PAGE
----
Authorities in the Kingdom of Saudi Arabia have decided to start clamping down on what they see as weather and climate-related “misinformation” shared on social networks.
The new rules, which will come into force in six months’ time in one of Middle East’s largest social media markets, envisage draconian punishment for those found guilty of breaking them: up to 10 years in jail, or a fine of over $500,000.
According to the Saudi press, the target of the new guidelines are “amateur meteorologists” who are not under control of the National Center of Meteorology but are posting weather warnings online.
Apparently, this sector is tightly regulated in the kingdom, and those engaged in unauthorized activities around weather forecasting are said to be doing it to attract followers and make ad money for what’s referred to as their “unofficial” sites.
The meteorological center in Saudi Arabia also has its Bureau of Investigation and Public Prosecution – and it is this body that announced the new rules on Twitter, saying that only the center can provide services that concern meteorological activities, products and information “related to national security.”
As far as weather warnings go, the greatest concern seems to be forecasting precipitation since Saudi Arabia has been experiencing flash flooding in some parts of the country.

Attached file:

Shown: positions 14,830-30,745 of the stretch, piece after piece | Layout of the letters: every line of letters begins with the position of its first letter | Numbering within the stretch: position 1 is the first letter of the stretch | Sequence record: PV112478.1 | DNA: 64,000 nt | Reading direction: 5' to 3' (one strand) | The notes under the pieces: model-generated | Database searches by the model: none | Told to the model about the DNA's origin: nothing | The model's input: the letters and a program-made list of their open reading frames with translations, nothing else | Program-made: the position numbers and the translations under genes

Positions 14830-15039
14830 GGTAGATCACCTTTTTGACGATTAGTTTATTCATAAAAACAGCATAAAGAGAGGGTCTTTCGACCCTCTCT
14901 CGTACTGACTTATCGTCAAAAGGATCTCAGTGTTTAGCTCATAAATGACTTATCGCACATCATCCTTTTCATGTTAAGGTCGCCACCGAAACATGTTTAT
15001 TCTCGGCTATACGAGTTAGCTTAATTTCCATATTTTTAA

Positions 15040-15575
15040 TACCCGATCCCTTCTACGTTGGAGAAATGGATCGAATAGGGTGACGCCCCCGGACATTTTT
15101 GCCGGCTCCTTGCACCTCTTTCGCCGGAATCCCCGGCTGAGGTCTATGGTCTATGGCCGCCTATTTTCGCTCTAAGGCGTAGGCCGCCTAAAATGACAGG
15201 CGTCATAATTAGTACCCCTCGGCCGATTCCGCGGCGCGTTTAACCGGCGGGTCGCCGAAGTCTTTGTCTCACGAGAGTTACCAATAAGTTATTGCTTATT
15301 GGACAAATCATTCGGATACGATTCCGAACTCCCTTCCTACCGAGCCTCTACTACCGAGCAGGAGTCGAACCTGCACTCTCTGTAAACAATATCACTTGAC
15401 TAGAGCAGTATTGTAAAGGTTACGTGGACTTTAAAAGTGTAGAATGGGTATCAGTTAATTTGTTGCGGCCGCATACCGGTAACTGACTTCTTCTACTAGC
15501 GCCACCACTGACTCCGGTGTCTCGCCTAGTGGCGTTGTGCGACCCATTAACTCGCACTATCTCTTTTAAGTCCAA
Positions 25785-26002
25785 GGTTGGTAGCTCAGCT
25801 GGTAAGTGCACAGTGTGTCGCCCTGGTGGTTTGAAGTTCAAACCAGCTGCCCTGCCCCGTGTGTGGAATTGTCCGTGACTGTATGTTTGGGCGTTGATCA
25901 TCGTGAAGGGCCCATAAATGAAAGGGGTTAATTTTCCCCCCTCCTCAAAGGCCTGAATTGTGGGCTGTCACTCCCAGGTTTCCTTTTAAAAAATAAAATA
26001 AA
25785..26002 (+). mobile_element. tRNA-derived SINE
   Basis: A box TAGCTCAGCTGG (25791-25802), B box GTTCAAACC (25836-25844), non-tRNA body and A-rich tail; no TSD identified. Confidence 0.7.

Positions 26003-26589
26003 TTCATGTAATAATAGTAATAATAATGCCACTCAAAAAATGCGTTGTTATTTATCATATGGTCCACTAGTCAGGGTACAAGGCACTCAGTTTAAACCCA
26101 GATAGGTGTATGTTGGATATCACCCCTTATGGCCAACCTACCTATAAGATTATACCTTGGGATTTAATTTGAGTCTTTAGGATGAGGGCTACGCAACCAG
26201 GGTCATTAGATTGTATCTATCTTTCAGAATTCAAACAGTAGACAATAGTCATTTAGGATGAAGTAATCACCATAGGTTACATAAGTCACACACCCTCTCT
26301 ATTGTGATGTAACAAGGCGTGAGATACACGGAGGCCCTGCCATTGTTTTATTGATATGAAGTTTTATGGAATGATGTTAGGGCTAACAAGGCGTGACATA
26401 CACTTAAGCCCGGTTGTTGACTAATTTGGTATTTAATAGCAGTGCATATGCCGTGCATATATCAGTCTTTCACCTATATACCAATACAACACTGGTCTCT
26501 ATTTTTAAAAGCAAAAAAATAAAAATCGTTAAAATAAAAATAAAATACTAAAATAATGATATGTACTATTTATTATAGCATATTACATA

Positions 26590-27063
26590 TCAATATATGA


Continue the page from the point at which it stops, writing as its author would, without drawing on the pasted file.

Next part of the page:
It’s unclear whether individuals or companies are behind the “unofficial” websites that the authorities wish to cut off from revenue and promotion, but the stiff penalties show they are considered to pose danger.
Biggest western social networks, led by YouTube and Facebook, are present in this market, but observers do not consider it to be free.
Various international human rights organizations regularly include Saudi Arabia on the list of worst offenders when it comes to censoring media and online networks. The country prohibits privately owned TV channels from operating in its territory and tightly controls the internet market of over 30 million users.
To this end, content is filtered to remove criticism of the royal family and government, questioning of Islamic principles, as well as political and human rights related content, and pornography.
As a result, self-censorship is reportedly widespread among social media users.